From the Milwaukee Journal Sentinel: There was a time when Alpine Valley Music Theatre was among the most elite music venues in the nation.
In its prime in 1989, the East Troy amphitheater hosted some of the biggest acts in the world: the Rolling Stones and the Who and the Grateful Dead and Metallica. The Dead played 20 shows there in the ’80s, and Pearl Jam brought its 20th-anniversary festival to Alpine in 2011.
But for its 40th anniversary year this summer, the 27,100-capacity Alpine Valley won’t host a single concert. It will be closed for an entire season for the first time in its history.
Jon Reens, vice president of marketing for Midwest music for Live Nation, which manages Alpine, said the usual acts that swing through Alpine chose to play different venues instead.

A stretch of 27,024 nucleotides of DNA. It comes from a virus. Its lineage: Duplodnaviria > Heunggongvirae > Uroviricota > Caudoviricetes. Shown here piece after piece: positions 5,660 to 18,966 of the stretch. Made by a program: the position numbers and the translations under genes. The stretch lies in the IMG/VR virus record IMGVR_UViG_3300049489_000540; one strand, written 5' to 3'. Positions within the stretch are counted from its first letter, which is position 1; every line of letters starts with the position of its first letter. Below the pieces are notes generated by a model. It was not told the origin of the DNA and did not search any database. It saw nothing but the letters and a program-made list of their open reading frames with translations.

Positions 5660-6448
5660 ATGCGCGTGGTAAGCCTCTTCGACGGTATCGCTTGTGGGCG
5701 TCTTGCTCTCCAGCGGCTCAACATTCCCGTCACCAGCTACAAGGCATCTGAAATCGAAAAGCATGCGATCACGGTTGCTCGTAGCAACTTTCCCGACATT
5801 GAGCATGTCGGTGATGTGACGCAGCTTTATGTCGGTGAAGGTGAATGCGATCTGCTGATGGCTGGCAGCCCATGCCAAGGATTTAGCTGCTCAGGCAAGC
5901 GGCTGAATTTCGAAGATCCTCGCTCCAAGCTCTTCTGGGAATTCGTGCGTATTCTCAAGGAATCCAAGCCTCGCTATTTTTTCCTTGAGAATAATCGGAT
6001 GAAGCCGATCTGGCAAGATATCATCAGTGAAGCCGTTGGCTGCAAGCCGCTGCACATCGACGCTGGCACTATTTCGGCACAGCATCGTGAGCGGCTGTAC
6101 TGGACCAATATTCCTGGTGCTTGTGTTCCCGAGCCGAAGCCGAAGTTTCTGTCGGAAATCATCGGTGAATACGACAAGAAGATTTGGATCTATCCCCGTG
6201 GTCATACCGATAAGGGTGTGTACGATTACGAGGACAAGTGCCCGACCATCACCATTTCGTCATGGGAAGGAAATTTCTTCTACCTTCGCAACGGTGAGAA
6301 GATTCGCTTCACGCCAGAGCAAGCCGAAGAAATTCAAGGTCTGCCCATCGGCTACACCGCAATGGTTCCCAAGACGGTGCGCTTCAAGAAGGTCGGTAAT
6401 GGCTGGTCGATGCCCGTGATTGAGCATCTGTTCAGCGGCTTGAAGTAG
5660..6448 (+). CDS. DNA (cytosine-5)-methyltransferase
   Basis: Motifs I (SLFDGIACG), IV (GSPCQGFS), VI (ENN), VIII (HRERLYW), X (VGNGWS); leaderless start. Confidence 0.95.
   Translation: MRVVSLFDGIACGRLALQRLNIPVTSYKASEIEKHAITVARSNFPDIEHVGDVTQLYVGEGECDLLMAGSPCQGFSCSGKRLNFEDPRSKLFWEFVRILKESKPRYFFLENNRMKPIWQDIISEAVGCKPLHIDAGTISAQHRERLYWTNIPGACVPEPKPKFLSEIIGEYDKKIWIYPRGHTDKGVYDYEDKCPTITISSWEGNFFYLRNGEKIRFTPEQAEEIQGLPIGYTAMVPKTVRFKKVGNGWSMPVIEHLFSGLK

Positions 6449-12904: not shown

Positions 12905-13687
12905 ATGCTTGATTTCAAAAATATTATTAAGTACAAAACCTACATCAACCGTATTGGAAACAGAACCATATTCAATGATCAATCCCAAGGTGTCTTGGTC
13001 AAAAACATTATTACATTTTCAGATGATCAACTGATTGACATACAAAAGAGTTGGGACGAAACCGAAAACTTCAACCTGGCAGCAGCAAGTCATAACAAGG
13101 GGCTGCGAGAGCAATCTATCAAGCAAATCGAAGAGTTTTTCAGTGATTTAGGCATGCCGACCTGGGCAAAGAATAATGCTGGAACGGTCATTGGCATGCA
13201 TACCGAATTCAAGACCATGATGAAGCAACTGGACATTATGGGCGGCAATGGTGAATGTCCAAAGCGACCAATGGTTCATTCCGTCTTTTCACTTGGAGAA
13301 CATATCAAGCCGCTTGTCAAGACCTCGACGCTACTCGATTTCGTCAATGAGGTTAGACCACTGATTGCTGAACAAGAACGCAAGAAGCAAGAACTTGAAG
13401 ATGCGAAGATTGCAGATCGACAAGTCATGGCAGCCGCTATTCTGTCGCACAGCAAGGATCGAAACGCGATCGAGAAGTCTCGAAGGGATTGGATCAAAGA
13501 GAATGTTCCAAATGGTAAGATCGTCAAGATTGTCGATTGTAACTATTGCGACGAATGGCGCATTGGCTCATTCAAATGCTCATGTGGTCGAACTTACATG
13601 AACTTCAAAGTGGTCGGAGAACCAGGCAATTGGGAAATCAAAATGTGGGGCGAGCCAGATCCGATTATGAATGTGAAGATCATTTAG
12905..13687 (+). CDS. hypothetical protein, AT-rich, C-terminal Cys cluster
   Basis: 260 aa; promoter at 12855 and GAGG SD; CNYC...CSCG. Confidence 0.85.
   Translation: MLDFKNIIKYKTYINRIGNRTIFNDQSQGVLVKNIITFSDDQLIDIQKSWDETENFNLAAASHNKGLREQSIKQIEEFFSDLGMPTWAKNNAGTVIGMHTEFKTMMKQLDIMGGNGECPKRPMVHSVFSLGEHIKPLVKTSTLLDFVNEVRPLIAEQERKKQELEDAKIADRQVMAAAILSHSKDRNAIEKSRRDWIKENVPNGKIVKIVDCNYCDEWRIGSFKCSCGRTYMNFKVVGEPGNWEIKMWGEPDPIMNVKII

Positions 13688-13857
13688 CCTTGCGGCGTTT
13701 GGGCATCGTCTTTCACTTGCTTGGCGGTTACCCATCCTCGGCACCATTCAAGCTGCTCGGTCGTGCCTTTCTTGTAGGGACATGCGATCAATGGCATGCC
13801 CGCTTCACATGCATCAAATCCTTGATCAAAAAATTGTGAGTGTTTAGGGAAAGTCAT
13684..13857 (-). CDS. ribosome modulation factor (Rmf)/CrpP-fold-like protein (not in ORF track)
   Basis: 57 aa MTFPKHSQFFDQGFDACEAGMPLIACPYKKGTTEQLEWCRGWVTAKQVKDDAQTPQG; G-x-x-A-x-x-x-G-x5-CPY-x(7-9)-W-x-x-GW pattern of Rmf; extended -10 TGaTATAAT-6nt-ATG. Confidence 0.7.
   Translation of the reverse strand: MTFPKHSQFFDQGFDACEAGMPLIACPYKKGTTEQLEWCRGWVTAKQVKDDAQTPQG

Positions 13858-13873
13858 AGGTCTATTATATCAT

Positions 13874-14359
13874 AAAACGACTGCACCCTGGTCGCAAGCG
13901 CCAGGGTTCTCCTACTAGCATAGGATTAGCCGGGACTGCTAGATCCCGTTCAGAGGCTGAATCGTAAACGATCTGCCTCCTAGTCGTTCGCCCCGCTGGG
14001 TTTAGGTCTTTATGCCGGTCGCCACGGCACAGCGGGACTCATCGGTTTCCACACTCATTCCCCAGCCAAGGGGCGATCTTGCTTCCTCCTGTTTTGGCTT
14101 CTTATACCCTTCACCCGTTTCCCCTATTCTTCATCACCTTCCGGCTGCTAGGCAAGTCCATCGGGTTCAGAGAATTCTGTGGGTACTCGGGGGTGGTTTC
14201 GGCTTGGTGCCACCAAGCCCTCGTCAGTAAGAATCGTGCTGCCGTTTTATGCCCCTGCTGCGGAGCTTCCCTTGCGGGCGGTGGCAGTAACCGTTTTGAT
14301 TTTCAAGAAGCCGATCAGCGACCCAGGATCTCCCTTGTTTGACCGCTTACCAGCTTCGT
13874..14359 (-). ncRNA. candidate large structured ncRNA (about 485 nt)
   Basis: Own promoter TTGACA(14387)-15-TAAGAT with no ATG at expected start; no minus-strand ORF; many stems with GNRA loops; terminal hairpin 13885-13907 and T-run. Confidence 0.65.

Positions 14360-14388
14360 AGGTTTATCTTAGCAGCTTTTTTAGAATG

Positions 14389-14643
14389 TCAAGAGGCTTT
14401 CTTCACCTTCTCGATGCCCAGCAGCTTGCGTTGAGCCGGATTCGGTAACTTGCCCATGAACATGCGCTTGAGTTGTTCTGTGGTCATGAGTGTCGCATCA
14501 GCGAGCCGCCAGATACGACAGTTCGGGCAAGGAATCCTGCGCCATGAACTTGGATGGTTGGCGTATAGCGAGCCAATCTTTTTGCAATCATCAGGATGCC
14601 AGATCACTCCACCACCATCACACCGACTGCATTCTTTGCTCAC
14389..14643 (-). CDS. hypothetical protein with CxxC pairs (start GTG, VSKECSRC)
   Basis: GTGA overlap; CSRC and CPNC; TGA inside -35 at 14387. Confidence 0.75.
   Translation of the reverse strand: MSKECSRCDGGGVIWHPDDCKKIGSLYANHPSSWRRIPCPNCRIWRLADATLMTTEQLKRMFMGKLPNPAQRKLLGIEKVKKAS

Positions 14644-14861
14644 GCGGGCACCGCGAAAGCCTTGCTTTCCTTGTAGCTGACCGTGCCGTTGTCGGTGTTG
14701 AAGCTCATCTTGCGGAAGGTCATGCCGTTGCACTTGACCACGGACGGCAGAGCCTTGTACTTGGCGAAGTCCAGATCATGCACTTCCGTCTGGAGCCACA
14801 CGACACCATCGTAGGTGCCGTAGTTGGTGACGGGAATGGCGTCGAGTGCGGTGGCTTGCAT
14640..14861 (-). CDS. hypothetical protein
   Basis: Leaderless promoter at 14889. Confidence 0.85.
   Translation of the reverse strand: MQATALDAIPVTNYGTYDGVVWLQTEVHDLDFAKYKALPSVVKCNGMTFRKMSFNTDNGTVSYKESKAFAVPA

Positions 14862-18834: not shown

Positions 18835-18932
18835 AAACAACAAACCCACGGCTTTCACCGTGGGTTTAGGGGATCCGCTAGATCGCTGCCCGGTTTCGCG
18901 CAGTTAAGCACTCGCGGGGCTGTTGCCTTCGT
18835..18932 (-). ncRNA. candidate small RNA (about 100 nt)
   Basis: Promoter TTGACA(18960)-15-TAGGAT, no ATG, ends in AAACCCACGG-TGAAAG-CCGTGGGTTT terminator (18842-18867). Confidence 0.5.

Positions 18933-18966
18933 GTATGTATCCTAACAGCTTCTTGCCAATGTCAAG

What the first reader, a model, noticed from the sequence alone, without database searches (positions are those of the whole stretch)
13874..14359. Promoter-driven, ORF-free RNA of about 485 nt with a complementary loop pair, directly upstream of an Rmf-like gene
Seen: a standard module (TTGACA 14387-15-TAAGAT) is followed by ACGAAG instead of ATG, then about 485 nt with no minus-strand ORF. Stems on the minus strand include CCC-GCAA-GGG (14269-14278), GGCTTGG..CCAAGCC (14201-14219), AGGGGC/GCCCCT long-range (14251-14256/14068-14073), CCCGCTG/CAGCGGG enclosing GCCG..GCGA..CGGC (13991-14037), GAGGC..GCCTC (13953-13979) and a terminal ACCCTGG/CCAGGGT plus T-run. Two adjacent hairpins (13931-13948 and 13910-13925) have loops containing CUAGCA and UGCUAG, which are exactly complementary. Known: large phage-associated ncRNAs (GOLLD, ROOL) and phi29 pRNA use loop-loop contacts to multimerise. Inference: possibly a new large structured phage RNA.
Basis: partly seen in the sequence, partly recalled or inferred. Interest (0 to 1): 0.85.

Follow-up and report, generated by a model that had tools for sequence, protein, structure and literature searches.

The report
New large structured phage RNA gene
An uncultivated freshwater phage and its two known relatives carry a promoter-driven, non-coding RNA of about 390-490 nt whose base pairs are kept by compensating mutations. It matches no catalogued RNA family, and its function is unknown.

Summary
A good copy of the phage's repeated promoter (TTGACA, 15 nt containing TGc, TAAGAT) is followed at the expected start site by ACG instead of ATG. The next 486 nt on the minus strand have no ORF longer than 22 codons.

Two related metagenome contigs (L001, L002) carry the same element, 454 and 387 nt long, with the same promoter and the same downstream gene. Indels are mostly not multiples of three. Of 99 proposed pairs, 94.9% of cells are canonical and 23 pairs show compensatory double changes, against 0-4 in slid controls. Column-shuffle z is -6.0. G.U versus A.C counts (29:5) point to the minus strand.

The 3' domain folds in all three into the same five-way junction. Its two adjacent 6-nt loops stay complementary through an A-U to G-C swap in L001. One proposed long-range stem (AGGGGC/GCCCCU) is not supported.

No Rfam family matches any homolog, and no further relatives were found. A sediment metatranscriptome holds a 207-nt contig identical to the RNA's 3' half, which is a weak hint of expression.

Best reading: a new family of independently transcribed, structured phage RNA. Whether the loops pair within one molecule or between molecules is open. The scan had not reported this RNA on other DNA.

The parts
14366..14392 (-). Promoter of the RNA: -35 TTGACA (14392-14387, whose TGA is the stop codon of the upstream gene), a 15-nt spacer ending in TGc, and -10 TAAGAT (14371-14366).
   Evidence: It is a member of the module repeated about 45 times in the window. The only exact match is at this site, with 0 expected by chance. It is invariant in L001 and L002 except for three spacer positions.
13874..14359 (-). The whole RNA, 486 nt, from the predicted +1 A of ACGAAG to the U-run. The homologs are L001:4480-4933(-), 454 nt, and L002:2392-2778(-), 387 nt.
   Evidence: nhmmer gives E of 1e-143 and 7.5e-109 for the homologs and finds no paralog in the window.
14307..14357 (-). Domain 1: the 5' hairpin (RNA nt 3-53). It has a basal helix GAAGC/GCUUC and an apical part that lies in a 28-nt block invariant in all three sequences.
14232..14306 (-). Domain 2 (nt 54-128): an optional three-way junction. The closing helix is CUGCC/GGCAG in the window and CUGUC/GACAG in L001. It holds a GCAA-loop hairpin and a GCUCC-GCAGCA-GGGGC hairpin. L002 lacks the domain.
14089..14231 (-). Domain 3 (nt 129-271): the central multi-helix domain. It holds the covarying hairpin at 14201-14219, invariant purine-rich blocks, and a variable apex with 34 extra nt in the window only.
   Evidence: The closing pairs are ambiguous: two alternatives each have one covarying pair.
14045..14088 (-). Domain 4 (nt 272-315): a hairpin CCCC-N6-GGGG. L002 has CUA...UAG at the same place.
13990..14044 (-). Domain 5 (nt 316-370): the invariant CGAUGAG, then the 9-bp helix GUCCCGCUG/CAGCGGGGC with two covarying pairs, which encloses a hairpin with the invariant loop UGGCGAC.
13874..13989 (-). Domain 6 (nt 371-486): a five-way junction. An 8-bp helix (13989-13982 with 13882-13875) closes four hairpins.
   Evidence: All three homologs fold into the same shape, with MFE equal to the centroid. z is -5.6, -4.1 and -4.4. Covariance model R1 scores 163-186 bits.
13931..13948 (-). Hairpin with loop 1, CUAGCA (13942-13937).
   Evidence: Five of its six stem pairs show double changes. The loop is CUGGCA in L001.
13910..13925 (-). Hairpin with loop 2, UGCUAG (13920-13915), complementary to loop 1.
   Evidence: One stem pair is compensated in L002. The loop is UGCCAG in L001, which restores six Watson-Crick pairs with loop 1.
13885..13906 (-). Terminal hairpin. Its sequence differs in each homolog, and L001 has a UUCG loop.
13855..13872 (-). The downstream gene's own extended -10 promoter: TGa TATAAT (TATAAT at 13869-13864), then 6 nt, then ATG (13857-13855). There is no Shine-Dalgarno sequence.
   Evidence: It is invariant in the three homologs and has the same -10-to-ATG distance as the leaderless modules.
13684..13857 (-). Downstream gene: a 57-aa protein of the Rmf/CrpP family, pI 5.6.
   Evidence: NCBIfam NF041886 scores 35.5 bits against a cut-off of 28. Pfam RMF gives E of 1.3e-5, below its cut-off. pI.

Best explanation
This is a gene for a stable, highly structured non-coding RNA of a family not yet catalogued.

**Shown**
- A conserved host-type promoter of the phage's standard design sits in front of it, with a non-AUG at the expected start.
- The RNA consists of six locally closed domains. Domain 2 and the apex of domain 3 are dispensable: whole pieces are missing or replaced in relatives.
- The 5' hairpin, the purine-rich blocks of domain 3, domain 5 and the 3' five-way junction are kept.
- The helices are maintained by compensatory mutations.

“We started in the middle of 2016 working on the 2017 calendar. We went and discussed with a multitude of artists about playing the building for the first time in their careers, and it was met with universal acclaim,” Reens said. “It just didn’t work out. Artists wanted to play different venues. There was a definite desire with some of the artists to play stadiums. And in some cases, the production didn’t fit in the building.”
Wrigley Field also got into the concert business in 2005, and will have its busiest season yet this summer. Among the 10 headliners: Alpine regulars Zac Brown Band (which also booked a Summerfest show for its 50th season) and Jimmy Buffett. Dead & Company, the Grateful Dead spinoff that played Alpine last summer, also opted for the Friendly Confines.